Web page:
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P R E F A CE,
TO THE FIRST EDITION OF
PUBLISHED AT KILMARNOCK.
THE following Trifles are not the production of the poet, who; with all the advantages of learned art, and, perhaps, amid the elegancies and idlenesses of upper life, looks down for a rural theme, with an eye to Theocritus or Virgii. To the author of this, these and other celebrated names, their countrymen, ara, at least in their original language, A fountain shut up; and a book sealed. Unacquainted with tbe necessary. requisites for commencing poet. by rule, be sings the sentiments and manners.be felt and saw in himself and bis rustic compeers around bim, in. bis and their native language. Though a rhymer from his earliest years; at least, from the earliest impulses of the softer passions, it was not till very lately, that a 3
the applause, perhaps the partiality, of friendship, wakened bis vanity so far as to make bim think any thing of his worth shewing; and none of the following works were composed with a view to the press. To amuse himself with the little creations of his own fancy, amid the toil and fatigues of a laborious life; to transcribe the various feelings, the loves, the griefs, the hopes, the fears in his own breast ; to find some kind of counterpoise to the struggles of a world, always an alien scene, a task uncouth to the poetical mind----these were his motives for courting the muses, and in these be found poetry to be its own reward.
Now that he appears in the public character of an autbor, be does it with fear and trembling: So dear is fame to the rhyming tribe, that even be, an obscure nameless Bard, shrinks aghast at the thought of being branded as---An impertinent blockbead, obtruding bis nonsense on the world; and because be
(9) can make a shift to jingle a few doggerel Scotch rhymes togetber, looking upon bimself as a poet of no small consequence forsooth!
It is an observation of that celebrated poet, Shenstone, whose divine elegies do bonour to our language, our nation, and our species, that . Humility has depressed many a genius to a hermit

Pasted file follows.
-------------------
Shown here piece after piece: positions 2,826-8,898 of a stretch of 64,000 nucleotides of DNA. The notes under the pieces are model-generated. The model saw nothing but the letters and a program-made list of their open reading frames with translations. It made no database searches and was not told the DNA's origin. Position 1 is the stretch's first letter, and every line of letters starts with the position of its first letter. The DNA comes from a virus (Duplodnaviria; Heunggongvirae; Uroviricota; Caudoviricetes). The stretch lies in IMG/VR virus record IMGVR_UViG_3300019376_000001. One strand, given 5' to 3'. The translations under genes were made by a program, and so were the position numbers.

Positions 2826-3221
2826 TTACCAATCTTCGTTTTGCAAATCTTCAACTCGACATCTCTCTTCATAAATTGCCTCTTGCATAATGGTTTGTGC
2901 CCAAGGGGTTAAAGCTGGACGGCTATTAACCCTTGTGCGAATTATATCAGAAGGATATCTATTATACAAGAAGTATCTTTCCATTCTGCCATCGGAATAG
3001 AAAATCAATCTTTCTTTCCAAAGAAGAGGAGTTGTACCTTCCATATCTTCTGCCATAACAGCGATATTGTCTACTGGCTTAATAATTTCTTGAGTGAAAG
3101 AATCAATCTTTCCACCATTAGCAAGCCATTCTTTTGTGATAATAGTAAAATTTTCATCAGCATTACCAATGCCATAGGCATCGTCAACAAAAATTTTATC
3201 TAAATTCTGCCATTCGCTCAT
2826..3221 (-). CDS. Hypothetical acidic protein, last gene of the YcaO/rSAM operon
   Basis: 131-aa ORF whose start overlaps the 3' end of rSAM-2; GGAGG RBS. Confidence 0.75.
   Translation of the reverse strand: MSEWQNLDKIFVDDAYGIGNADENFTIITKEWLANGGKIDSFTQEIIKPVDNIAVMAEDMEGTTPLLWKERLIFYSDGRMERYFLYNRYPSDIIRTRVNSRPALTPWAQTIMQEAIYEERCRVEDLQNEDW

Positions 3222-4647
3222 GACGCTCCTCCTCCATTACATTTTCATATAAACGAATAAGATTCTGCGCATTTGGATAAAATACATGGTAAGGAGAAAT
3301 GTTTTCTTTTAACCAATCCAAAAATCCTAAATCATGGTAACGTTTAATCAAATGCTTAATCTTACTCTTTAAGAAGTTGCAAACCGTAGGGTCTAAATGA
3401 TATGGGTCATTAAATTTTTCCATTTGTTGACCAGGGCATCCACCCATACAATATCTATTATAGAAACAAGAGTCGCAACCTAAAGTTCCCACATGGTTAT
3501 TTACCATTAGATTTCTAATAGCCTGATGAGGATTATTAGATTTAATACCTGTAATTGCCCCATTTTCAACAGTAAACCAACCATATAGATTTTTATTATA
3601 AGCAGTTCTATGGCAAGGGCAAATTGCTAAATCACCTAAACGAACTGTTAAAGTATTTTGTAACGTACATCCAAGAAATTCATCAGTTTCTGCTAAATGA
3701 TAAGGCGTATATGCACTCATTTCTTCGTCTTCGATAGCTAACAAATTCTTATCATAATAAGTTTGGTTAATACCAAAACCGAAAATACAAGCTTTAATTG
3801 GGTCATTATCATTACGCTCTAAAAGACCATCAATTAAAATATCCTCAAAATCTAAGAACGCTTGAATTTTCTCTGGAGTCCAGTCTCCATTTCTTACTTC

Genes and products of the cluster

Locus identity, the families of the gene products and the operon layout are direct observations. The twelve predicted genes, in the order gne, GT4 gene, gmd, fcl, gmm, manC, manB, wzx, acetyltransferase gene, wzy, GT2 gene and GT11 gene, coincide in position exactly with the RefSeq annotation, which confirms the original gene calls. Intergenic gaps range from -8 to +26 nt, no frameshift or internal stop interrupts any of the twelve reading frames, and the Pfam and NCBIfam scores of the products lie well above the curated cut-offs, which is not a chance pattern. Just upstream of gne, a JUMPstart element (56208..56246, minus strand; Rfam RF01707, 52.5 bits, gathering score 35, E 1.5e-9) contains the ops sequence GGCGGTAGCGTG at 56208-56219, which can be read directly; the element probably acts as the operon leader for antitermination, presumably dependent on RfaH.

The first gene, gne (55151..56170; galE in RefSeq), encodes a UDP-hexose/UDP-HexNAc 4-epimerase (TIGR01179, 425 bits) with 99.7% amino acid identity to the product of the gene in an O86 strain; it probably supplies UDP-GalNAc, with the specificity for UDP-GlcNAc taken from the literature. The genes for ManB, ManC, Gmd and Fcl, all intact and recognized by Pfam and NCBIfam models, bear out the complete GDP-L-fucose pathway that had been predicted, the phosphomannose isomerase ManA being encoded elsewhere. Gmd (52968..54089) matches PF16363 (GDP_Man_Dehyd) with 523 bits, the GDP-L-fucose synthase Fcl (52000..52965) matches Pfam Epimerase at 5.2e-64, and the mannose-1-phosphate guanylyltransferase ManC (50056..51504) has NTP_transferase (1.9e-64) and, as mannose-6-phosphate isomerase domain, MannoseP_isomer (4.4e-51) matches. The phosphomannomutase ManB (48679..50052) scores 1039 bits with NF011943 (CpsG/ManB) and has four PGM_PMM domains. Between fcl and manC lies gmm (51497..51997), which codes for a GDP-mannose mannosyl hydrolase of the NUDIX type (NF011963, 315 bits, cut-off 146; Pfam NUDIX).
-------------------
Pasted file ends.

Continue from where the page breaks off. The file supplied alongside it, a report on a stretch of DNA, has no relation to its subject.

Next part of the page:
, but never raised one to fame! If any critic catches at the word genius, the author tells him once for all, that he certainly looks upon himself as possest of some poetic abilities, otherwise bis publishing in the manner he has done, would be a manæuvre below the worst character, which be bopes, bis worst enemy will ever give him. But to the genius of a Ramsay, or the glorious drawings of the poor, unfortunate Ferguson, be, with equal unaffected sincerity, declares, that even in his bighest pulse of vanity, be has not the most distant pretensions." These two justly admired Scotch poets be bas often had
in bis eye in the following pieces; bit fatber with a view to kindle at their flame than for servile imitation.
To bis Subscribers, the Author returns his most sincere thanks. Not the mercenary bow over a counter, but the beart throbbing gratitude of the bard, conscious how much be owes to benevolence, and friendship, for gratifying him, if he deserves it, in that dearest wish of every poetic boson----to be distinguished. He begs bis readers, particularly the learned and the polite, who may honour him with a perusal, that they will make every allowance for education and circumstances of life;" but, if after a fair, candid, and impartial criticism, be shall stand convicted of dullness and nonsense, let him be done by as he would in that case do by others: ----let bim be condemned without: mercy to contempt and oblivion.
NOBLEMEN AND GENTLEMEN
MY LORDS, AND GENTLEMEN,
A SCOTTISH Bard, proud of the name, and whose bigbest ambition is to șing in his Country's service, where shall be so properly look for patronage astothe illustrious Names of his native Land; those who bear the honours and inherit the virtues of their Ancestors? ----The Poetic Genius of my Country found me as the prophetic bard Elijah did Elisha ----at the plough; and threw her inspiring mantle over me. She bade me